Business casual: an editorial manifesto
I tend not to trust ideas when they come too easily. While I sort-of buy the Allen Ginsberg notion of “first thought best thought,” I believe that getting where you want creatively takes practice. John Coltrane’s off-the-top-of-his-head improvisations were masterly precisely because he’d been testing such ideas for years. His “first thought” in a solo was built on millions of thoughts before it. (This was the way Ginsberg created, too, if you get past his famed aphorism.) But one offhand term I blurted out at a meeting last summer has turned out to help some of my clients develop their editorial and strategy, so I’m sharing it here.
I get nervous when nonwriters talk about “voice” and “tone,” in part because it turns out oftentimes that they mean something different from what my editorial colleagues mean when they use those words. But there I was, in a meeting with people who hadn’t taken an English course since they got freshman comp out of the way (yes, I checked), talking about the best way to describe something to the employees of a large firm.
The existing document and presentation described a coming change in a manner that was off-putting, because it was stuffy, and I said so. I went from “stuffy” to saying “you sound like a stuffy butler in a tight tuxedo” to “what you need to do is communicate this in a way that’s less stuffed shirt and more business casual.” I hadn’t intended to use the term “business casual” before I opened my mouth, but the people around the table acted as if I was dispensing some well-worn wisdom so I decided not to challenge that reaction. I’ve thought more about applying the term “business casual” to editorial and strategy and I’ve heard clients start using the term, so I’ve accepted, reluctantly, that there’s something there and I’ve developed the idea far beyond what I can convey in a brief blog post. But here are some quick notes about viewing editorial and strategy through a “business casual” lens.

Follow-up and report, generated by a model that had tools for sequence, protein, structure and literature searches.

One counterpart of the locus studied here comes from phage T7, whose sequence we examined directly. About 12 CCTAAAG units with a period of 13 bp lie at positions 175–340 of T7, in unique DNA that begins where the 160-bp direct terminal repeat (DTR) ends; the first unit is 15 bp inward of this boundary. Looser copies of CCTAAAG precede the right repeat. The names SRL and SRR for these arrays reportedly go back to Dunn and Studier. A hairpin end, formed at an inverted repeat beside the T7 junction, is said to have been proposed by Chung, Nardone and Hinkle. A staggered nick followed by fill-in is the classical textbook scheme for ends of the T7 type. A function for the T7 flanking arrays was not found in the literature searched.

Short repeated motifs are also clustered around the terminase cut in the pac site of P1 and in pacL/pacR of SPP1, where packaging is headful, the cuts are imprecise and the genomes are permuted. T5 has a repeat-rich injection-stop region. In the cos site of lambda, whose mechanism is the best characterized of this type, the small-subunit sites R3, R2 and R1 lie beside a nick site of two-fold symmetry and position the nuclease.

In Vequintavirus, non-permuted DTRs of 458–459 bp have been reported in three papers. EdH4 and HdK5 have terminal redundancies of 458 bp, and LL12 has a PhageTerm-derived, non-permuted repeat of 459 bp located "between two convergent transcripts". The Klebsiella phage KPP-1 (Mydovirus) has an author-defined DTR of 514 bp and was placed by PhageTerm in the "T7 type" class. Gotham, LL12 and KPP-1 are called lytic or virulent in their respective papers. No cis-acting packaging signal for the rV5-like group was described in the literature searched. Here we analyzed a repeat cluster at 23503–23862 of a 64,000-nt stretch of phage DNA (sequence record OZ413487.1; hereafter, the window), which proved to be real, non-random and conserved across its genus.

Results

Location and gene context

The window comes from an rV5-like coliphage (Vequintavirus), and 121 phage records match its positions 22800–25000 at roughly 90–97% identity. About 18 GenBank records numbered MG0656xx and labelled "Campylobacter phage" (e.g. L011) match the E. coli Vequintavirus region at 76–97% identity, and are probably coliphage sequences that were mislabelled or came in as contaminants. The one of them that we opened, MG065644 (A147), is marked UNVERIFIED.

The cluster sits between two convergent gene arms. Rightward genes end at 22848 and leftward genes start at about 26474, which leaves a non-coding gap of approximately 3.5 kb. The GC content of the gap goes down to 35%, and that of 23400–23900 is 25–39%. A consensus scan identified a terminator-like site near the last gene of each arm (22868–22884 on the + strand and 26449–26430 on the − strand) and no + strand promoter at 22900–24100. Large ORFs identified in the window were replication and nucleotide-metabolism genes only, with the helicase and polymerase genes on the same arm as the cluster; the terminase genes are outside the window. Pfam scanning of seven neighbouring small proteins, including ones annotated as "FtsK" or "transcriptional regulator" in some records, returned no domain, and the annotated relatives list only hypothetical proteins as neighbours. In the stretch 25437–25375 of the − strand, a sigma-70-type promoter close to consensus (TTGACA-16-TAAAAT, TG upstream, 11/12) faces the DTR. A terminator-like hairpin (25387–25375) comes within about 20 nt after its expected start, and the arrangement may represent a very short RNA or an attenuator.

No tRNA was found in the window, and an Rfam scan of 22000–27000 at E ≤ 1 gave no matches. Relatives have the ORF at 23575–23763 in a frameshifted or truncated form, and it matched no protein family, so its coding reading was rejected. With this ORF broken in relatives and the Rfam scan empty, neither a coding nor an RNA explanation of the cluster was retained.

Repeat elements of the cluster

The notion of business casual in the American workplace annoys me. It merely replaces one uniform with another, identical suits replaces by identical khakis, and I’ve worked or consulted at places where a “business casual” or “casual Friday” policy was enforced pitilessly.
Yet the metaphor works. Everyone knows what business casual means, which is a key to quick understanding. A business casual voice is serious but light, focused on ease, deliberately avoiding the stuffy. Business casual is more interested in what it is doing for the audience than the writer or performer. Business casual is about communication, not obfuscation. Some may find this approach as limiting as being forced to wear well-pressed jeans on Friday, but it’s the sort of limitation that will result in more effective communicating. I’ll leave it to you whether you want a business casual clothing policy at your business, but I’ve seen that a business casual editorial approach can reshape the way people in many different kinds of businesses tell true stories with impact. When it comes to communicating, khakis are the way to go.